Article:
Libya’s huge storm and flood leaves over 2,000 dead, at least 10,000 missing

2023-09-12 22:37:29
Libya’s huge storm and flood leaves over 2,000 dead, at least 10,000 missing

At least 2,000 people have been killed and thousands more are missing after a devastating flood hit the city of Derna in eastern Libya, resulting in the collapse of two dams, authorities say.

Ahmed Mismari, spokesperson for the eastern-based Libyan National Army (LNA) that controls eastern Libya, said the disaster struck when the two dams above Derna collapsed following a heavy storm and rain.

The dams’ collapse swept the “whole neighborhoods with their residents into the sea,” he said.

Mismari put the number missing at 5000 to 6000, adding seven members of the LNA had also died in the flood.

He said the floods have affected many cities along the eastern coast running all the way to Benghazi, the second most populous city.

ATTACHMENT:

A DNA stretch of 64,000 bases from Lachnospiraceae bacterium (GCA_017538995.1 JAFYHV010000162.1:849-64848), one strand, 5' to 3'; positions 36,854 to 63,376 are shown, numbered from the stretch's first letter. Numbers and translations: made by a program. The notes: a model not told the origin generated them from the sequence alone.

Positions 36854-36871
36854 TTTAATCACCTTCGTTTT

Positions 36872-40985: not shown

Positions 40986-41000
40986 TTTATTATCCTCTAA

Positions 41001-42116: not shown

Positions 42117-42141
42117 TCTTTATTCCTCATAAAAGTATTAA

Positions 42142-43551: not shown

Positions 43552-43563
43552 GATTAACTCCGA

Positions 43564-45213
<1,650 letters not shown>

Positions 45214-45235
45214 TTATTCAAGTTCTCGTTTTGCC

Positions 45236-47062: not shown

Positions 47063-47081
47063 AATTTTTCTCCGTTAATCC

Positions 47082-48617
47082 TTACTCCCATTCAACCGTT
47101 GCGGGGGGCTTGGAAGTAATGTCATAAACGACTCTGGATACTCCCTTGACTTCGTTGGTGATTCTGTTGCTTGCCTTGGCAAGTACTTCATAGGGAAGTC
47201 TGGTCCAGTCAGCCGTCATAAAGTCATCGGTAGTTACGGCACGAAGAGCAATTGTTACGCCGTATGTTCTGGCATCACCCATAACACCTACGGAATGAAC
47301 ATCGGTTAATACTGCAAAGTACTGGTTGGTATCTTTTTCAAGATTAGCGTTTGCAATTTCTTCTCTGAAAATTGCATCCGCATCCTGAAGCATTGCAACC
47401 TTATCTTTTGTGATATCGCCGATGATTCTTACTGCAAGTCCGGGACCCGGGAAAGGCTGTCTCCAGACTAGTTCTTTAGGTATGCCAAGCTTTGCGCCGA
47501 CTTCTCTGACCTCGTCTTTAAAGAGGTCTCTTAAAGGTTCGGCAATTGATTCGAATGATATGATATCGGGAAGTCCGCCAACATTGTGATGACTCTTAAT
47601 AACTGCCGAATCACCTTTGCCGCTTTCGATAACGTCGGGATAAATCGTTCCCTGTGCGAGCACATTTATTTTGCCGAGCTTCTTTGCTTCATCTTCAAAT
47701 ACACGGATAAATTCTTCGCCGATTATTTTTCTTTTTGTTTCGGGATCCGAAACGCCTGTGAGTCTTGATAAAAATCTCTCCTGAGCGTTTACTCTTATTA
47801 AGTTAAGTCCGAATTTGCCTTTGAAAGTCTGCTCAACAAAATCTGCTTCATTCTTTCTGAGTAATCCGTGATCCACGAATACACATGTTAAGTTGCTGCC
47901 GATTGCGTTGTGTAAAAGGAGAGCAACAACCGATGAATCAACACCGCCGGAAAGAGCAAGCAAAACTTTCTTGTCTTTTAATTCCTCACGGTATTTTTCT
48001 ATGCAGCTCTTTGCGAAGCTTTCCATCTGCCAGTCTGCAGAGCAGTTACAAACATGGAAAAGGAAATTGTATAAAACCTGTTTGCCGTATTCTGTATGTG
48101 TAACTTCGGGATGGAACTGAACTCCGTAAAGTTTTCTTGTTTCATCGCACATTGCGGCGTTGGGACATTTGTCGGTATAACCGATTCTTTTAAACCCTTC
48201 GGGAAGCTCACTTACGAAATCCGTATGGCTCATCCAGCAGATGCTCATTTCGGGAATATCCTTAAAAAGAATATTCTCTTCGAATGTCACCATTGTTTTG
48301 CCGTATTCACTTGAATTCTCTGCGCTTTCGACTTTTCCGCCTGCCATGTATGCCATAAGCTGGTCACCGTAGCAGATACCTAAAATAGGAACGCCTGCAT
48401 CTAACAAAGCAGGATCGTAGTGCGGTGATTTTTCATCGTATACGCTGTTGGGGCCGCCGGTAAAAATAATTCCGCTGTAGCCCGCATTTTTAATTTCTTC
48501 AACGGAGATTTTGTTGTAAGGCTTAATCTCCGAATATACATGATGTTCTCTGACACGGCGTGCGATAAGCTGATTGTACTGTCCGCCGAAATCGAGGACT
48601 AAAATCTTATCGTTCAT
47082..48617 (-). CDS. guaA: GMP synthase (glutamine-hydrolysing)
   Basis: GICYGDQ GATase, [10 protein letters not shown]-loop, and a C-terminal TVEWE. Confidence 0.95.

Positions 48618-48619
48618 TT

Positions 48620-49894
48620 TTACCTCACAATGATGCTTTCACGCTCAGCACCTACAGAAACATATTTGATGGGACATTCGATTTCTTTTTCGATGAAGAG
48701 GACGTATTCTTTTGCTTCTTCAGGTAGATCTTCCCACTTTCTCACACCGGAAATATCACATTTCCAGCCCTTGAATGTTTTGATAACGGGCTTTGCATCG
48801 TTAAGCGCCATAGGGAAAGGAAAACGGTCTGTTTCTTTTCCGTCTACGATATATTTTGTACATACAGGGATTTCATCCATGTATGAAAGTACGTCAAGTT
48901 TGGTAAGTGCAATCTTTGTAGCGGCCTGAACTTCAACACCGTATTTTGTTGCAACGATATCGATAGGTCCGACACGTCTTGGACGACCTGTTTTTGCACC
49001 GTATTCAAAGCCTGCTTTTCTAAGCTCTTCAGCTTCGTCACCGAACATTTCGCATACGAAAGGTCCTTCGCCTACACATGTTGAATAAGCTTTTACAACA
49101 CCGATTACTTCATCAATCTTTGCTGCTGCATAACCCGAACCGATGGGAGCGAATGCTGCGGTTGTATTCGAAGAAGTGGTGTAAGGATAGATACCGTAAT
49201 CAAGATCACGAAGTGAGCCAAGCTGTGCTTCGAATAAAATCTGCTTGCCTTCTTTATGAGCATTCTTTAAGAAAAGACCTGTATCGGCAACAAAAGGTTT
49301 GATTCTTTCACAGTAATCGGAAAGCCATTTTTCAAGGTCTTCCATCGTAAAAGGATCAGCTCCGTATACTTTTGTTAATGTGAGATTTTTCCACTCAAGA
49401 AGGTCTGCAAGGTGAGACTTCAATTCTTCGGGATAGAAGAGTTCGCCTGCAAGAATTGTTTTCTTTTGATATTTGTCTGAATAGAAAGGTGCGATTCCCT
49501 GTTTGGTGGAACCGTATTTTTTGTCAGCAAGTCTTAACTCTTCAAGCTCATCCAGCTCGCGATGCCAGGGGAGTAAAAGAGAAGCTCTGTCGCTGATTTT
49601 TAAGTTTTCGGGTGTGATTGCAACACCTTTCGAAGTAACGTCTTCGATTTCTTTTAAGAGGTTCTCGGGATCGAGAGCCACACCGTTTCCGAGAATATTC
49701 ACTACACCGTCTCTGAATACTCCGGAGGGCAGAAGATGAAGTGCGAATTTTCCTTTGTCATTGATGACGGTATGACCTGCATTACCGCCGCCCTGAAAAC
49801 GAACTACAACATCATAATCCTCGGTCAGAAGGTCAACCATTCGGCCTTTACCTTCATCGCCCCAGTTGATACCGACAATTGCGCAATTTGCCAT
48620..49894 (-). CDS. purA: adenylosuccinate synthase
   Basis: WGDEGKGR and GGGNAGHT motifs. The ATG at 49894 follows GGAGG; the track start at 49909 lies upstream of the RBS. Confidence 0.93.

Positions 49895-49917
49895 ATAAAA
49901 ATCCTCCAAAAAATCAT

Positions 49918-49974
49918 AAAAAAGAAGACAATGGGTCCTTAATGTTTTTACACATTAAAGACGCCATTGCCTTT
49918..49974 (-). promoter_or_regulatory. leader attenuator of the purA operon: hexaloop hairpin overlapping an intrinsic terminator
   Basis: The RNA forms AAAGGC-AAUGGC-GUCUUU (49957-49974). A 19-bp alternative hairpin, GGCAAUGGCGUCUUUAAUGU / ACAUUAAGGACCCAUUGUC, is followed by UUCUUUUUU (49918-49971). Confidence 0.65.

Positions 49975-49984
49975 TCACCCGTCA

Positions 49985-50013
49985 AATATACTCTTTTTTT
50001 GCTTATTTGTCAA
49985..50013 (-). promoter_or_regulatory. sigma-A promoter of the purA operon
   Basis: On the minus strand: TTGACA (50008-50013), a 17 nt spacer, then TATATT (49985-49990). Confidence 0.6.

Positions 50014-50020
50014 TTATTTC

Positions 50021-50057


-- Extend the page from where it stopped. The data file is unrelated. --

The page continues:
Libya plunged into deadly chaos after the overthrow and killing of its long-serving ruler Muammar Gaddafi following a bombing campaign by the US-led NATO military alliance in 2011.

Since then the country has been divided into a UN-recognized government in western Libya and a parallel institution in the east of the country.

Osama Hamad, the head of a parallel eastern-based administration said, “The missing are in the thousands, and the dead exceed 2,000.”

“Entire neighborhoods in Derna have disappeared, along with their residents ... swept away by water,” he told al-Masar TV on Monday.

The head of Libya’s Emergency and Ambulance authority, Osama Aly, explained after the dam collapse “all of the water headed to an area near Derna, which is a mountainous coastal area.”

According to Aly, residences situated in valleys were swept away by forceful muddy currents that carried vehicles and debris.

The disruption of phone lines in the city has complicated rescue operations, rendering workers unable to access Derna due to the extensive damage.

Aly told the Al Hurra channel earlier that the authorities were not prepared for the magnitude of the calamity.


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